The Irish General Election is just around the corner with the date set for February 8th. Keeping this in mind, candidates and their campaigners will be putting up posters in a constituency near you.
So, what should political candidates keep in mind when putting up their posters?
Have you considered the risks?
Start with the basics, what are the risks? Campaign posters come in all shapes and sizes, and end up in various locations. So how do you ensure campaigner safety, complete a risk assessment? For guidance on how to create a soundproof risk assessment and safe system of work, this guide from the Health and Safety Authority can help.
Are you using the right equipment?
We have all seen it before poor use of equipment, or not using the correct equipment can cause serious harm. Use ladders as a last resort. Candidates should ensure that all campaigners use the correct equipment when putting up election posters. For information around safety at a height visit hsa.ie
Make sure you are visible!
The dark mornings and nights are still upon us with no extreme changes for the next month or so. With this in mind, campaigners should make sure they are visible to road users, especially where there is low visibility on roads. Find more information on pedestrian safety here.
Know the minimum height!
The minimum height for election posters is 2.3 metres for areas accessed by pedestrians and cyclists. The National Council for the Blind has previously commented on the disregard some campaigners have for the visually impaired. In May 2019, Dublin City Council received 101 complaints relating to the height of election posters in the city, where one member of the public was injured. Also remember is unlawful to block traffic signage.
Location, location, location!
When it comes to location, there are rules candidates must follow to ensure public safety. Campaign posters often cause problems for road users and pedestrians. ESB Networks have stated that “ESB Networks wish to remind all groups and parties involved in the upcoming General Election that the erection of posters on ESB electricity poles poses a serious safety risk to ESB Networks staff, contractors and members of the public and is strictly prohibited.”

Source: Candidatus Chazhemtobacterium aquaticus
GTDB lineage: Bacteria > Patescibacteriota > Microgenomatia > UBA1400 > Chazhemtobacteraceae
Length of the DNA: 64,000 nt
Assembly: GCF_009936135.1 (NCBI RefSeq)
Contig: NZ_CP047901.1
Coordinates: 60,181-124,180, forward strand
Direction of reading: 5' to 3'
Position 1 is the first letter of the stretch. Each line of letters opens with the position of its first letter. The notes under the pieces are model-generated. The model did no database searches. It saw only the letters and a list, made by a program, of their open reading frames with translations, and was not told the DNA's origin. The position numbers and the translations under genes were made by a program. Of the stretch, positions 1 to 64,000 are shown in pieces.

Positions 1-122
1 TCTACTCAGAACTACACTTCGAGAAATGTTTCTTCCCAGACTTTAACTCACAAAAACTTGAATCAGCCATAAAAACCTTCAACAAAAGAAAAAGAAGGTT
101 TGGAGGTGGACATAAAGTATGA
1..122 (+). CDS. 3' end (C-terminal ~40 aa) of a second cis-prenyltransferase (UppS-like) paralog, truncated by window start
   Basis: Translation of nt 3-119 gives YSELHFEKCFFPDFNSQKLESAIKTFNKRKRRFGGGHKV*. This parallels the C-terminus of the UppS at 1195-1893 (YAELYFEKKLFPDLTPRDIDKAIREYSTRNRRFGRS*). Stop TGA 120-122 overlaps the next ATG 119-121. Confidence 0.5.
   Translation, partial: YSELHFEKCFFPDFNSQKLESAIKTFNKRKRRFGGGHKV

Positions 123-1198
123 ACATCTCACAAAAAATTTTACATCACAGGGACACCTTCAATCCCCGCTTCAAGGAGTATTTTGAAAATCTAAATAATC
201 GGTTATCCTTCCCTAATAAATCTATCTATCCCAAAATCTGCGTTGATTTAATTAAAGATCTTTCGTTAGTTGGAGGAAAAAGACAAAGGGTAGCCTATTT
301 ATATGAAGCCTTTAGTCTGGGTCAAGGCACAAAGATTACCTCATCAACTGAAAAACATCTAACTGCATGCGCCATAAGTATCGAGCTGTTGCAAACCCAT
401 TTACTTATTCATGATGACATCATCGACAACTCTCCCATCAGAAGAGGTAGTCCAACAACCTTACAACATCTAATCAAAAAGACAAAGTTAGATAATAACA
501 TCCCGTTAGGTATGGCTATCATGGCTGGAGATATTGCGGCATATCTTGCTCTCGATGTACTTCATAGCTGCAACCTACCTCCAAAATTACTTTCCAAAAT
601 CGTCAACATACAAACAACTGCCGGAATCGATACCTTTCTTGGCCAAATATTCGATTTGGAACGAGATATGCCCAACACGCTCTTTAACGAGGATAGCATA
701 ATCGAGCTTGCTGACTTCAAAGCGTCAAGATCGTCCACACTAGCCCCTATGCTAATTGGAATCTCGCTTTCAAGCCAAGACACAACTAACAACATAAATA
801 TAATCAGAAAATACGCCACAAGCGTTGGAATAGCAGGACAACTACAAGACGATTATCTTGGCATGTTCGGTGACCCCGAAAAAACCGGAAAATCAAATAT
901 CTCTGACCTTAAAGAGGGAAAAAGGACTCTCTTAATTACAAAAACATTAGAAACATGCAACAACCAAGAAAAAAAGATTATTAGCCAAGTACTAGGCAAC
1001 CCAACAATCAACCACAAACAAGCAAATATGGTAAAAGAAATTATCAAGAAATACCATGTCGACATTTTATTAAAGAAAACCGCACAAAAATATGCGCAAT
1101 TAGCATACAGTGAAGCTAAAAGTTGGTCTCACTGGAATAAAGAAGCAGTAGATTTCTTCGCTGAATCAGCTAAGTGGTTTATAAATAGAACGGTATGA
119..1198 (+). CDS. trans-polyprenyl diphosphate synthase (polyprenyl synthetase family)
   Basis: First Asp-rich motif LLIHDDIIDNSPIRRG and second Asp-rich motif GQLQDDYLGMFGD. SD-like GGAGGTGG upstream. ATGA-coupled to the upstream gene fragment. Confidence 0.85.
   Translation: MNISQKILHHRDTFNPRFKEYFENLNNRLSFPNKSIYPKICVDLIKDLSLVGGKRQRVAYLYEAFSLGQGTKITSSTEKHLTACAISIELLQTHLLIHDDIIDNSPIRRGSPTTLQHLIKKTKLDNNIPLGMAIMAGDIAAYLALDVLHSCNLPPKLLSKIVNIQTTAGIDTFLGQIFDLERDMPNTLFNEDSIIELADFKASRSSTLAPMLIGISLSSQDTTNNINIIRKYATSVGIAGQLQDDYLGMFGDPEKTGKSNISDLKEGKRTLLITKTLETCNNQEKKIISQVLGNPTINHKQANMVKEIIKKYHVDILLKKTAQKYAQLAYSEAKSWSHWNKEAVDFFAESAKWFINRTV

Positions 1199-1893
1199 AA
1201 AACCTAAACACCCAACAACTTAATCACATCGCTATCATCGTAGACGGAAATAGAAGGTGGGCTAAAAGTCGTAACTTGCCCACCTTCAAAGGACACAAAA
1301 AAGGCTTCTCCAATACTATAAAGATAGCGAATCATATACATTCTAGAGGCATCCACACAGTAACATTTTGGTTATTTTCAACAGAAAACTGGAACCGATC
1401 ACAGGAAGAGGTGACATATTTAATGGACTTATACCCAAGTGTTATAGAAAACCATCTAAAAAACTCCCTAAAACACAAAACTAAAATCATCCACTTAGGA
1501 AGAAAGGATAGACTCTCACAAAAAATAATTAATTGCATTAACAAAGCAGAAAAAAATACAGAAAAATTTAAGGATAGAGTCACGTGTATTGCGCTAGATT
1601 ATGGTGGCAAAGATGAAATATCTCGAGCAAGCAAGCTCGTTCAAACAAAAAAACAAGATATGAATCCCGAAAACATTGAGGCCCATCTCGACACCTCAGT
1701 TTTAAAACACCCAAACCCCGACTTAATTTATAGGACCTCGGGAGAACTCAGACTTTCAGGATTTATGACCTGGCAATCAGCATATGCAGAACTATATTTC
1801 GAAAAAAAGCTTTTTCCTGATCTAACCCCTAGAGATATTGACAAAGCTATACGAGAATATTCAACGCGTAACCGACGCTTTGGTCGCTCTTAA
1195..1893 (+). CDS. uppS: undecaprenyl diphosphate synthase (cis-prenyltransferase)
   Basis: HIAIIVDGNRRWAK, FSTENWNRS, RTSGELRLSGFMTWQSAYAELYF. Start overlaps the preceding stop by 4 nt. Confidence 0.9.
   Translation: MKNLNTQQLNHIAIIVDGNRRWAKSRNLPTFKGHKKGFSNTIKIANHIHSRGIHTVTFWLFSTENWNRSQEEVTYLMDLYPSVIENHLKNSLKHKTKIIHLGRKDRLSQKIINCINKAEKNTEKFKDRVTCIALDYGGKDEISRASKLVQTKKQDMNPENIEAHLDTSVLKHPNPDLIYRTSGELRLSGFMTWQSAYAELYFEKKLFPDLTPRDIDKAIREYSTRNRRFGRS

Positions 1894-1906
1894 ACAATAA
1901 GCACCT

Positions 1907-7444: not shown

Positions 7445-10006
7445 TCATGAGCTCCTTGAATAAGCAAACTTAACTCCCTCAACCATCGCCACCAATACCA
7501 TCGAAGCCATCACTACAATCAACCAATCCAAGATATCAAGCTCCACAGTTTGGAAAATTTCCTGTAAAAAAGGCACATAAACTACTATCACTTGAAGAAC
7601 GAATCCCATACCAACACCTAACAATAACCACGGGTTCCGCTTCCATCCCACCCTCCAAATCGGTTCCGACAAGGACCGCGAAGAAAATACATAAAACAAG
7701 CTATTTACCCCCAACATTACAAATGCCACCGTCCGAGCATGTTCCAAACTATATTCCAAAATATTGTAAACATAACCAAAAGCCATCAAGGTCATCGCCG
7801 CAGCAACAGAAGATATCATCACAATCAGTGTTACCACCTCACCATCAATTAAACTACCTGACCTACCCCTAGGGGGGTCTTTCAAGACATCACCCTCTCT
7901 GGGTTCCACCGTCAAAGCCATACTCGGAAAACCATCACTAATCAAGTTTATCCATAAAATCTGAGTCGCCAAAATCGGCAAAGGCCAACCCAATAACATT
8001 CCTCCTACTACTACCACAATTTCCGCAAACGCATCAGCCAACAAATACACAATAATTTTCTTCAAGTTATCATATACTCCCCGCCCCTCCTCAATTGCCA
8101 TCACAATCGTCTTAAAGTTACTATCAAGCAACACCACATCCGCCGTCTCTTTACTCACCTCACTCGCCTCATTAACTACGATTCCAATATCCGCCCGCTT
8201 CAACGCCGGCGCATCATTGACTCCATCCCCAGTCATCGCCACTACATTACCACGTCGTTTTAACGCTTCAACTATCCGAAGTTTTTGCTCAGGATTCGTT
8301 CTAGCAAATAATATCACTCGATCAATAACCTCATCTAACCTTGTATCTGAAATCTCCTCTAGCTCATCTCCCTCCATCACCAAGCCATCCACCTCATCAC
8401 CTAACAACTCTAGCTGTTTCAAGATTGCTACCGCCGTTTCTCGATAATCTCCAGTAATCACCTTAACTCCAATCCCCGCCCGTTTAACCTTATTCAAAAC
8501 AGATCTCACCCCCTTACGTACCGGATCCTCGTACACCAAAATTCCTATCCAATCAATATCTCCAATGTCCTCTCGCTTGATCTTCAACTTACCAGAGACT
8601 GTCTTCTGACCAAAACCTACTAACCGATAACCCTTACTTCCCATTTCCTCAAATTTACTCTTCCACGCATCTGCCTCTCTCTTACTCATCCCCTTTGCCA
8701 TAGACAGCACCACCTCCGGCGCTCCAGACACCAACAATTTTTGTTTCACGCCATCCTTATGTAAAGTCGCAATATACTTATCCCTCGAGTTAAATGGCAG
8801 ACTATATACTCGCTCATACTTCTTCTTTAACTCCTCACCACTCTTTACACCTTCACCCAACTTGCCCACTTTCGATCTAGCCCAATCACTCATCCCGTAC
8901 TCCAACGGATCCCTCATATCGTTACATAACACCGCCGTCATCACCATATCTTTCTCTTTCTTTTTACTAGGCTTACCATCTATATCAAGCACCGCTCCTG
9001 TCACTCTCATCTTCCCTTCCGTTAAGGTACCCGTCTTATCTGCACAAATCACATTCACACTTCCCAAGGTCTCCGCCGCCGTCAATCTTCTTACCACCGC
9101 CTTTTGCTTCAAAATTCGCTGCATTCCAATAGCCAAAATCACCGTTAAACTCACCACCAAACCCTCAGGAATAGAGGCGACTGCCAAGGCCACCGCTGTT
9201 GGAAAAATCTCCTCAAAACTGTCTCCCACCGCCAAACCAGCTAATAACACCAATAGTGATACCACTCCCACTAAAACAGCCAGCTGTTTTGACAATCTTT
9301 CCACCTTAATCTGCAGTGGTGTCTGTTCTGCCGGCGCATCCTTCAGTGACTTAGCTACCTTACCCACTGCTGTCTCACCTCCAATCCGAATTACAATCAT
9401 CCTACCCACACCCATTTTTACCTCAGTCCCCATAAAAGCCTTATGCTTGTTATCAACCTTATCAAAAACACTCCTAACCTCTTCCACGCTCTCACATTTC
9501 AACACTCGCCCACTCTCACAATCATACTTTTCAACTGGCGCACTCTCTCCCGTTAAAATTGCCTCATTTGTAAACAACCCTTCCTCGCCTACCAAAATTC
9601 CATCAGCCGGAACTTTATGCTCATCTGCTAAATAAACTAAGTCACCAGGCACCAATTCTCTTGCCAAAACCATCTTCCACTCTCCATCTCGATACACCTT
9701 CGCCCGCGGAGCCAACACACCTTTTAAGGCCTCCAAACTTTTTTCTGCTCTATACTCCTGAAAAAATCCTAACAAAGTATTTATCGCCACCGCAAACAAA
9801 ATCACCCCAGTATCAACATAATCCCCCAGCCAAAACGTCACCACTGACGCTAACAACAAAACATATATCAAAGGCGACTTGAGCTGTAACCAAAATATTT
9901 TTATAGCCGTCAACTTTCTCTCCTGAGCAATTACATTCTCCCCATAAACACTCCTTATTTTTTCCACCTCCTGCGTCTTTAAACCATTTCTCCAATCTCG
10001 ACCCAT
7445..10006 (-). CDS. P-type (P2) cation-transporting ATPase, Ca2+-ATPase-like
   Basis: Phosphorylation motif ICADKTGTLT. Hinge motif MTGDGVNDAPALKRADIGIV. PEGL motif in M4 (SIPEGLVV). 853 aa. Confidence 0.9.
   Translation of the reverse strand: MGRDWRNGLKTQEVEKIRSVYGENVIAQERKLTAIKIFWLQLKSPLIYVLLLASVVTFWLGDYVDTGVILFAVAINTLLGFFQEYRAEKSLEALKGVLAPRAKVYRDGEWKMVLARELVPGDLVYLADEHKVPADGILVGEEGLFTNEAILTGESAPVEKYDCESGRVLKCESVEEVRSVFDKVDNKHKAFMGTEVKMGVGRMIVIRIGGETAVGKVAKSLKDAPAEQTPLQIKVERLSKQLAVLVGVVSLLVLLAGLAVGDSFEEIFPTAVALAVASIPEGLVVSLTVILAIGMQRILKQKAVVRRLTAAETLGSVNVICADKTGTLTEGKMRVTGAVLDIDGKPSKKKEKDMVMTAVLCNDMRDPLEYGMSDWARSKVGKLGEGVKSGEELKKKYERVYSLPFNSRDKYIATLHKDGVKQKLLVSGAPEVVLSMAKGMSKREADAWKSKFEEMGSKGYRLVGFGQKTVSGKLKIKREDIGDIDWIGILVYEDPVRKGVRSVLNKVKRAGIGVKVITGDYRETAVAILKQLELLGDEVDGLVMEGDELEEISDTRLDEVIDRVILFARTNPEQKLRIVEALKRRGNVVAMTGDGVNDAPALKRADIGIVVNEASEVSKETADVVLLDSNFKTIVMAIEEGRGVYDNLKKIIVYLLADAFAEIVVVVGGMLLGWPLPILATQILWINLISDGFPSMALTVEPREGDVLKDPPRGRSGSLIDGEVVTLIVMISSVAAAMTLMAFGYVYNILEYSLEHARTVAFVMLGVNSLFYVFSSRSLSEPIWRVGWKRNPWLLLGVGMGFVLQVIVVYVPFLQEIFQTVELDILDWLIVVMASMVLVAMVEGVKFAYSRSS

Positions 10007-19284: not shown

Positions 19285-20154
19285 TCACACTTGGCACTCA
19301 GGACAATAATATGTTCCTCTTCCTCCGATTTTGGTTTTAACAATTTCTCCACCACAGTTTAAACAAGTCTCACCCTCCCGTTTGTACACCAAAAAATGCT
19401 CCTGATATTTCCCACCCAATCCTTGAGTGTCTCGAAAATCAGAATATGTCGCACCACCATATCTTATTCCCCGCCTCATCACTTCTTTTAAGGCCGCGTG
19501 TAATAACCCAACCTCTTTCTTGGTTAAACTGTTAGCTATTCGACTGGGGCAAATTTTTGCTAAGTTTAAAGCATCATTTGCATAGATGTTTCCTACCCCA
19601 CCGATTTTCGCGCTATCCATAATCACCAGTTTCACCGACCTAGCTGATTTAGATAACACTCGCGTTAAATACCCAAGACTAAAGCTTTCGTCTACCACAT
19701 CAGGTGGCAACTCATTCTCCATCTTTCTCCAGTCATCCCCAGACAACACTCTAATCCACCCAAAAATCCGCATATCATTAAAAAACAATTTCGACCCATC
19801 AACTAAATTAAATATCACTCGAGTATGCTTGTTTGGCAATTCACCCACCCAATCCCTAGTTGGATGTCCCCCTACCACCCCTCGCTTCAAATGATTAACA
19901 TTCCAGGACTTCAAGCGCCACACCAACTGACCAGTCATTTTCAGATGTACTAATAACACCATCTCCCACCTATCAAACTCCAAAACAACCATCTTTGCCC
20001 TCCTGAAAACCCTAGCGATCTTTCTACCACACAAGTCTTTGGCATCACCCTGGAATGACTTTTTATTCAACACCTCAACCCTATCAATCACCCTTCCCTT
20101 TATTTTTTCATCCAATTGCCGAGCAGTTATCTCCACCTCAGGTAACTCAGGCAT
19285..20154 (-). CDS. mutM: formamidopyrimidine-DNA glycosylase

Mind the signs!
Election posters should never limit the visibility of road signs. The RSA states that "It is an offence to erect any sign or notice that makes a traffic sign less visible to road users or obstructs a view to such a degree that it makes the road unsafe for road users."
Be aware of the areas you are hanging posters. Think is this dangerous, could it cause an accident. For more information visit rsa.ie
Be environmentally aware!
The total number of election posters erected in 2014 amounted to 600,000. These posters were estimated to cause 360 tonnes of Carbon Monoxide. It is no wonder that 77% of the electorate feel that election posters should be banned. To take a proactive approach to reach our targets for sustainability, thinking of safer alternatives on the campaign trail can have a positive contribution. To find out how your campaign can contribute to a safer environment posterfree.ie
Have you discussed safety with your campaigners?
Making sure that your campaigners are safe and deliver a safe campaign. Discuss safe practices with members of your team and make sure they understand the importance of staying safe.
Always remember to use safe practices!
Educating your team on the best safety practices will keep campaigners and the public safe. It is important to remember the following:
Be compliant, or get a complaint!
Safety doesn't have to cost anything, think common sense, but being unprepared can cost your campaign. Failure to comply with safety rules could lead to prosecutions, fines and even civil lawsuits. These complaints can lead to the removal of election posters with candidates subject to fines from the relevant county council. Your reputation could be over before the election begins because you didn’t think about the above.
Using these tips can help you have a more cost-effective, efficient and safer campaign